We were happy to host a unique group of visitors from Ukraine who came as part of the U.S. Congress’ Open World Program to learn about education and oversight of education institutions in the United States. They not only met with policy makers, educators, and professional peers, but they also had the time to truly immerse themselves in the local culture with plenty of cultural activities outside of the scheduled professional appointments.
For example after they arrived on Friday October, 12th, the visiting delegation was invited by the board of SACIV to a Welcome Dinner at SoLuna where they were able to discuss the exciting activities ahead and commence introductions. On Saturday, the group was busy seeing The Pearl, The Alamo, and the Riverwalk. In the evening, they headed to Bulverde where they were able to enjoy a Texas rodeo. The rodeo was a one-of-a-kind experience that each visitor found utterly enthralling.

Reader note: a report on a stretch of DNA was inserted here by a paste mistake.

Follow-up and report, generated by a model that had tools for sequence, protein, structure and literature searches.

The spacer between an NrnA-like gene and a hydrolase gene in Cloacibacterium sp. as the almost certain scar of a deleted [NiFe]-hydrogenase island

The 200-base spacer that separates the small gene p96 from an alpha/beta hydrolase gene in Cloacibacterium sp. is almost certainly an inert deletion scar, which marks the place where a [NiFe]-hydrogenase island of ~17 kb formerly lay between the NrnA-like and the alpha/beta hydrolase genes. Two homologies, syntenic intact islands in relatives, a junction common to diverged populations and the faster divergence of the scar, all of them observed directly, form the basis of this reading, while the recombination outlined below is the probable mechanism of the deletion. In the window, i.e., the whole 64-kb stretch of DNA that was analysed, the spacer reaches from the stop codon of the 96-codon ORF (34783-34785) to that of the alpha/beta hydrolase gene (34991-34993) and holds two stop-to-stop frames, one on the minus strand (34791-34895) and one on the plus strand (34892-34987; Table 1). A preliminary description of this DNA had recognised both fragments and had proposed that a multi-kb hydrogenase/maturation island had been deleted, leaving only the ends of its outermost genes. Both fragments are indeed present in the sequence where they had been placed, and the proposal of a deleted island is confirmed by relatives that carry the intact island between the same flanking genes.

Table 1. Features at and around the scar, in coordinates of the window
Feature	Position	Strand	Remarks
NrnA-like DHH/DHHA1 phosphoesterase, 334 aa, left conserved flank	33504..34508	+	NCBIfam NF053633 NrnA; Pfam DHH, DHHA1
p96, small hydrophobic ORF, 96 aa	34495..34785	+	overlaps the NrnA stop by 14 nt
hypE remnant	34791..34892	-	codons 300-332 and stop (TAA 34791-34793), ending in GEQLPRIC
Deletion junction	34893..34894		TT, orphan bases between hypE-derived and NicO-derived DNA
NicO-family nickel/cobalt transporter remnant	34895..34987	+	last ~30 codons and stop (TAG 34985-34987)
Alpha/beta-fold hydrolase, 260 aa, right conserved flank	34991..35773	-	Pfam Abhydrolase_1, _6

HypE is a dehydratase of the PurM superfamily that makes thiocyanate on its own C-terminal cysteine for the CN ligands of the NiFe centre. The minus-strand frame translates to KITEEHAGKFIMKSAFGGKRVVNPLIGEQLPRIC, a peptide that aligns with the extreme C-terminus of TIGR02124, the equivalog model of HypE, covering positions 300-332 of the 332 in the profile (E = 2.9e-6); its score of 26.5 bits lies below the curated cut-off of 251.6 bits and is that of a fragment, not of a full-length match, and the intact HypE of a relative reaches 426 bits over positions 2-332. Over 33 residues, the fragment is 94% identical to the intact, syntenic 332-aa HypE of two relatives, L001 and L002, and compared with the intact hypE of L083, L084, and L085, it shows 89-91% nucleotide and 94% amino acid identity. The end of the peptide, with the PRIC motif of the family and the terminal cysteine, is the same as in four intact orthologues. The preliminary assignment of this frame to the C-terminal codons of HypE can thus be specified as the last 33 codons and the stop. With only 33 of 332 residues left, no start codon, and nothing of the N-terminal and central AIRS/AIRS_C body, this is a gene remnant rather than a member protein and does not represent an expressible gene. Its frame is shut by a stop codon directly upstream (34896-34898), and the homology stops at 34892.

On Sunday, the group ventured to Gruene away from the city of San Antonio. In Gruene, they explored the historic town center and enjoyed music at Gruene’s famous dance hall. For lunch, they were able to eat at the Gristmill and savor the view of tubers passing by on the river below.
On Monday, they started with another look at the culture of Texas at the Institute of Texan Cultures. They enjoyed seeing the museum and gaining some more insight into the peoples of Texas. Later that day, their professional appointments could begin. That afternoon, they visited Alamo Colleges and discussed with professors, administrators, and students their vocational programs, oversight compliance, and college readiness programs for local high schools.
The next day, Alamo Heights Independent School District opened their doors to our visitors. The fascinating discussion that developed there centered around the special education programs they offer and their unique methods of engaging the community.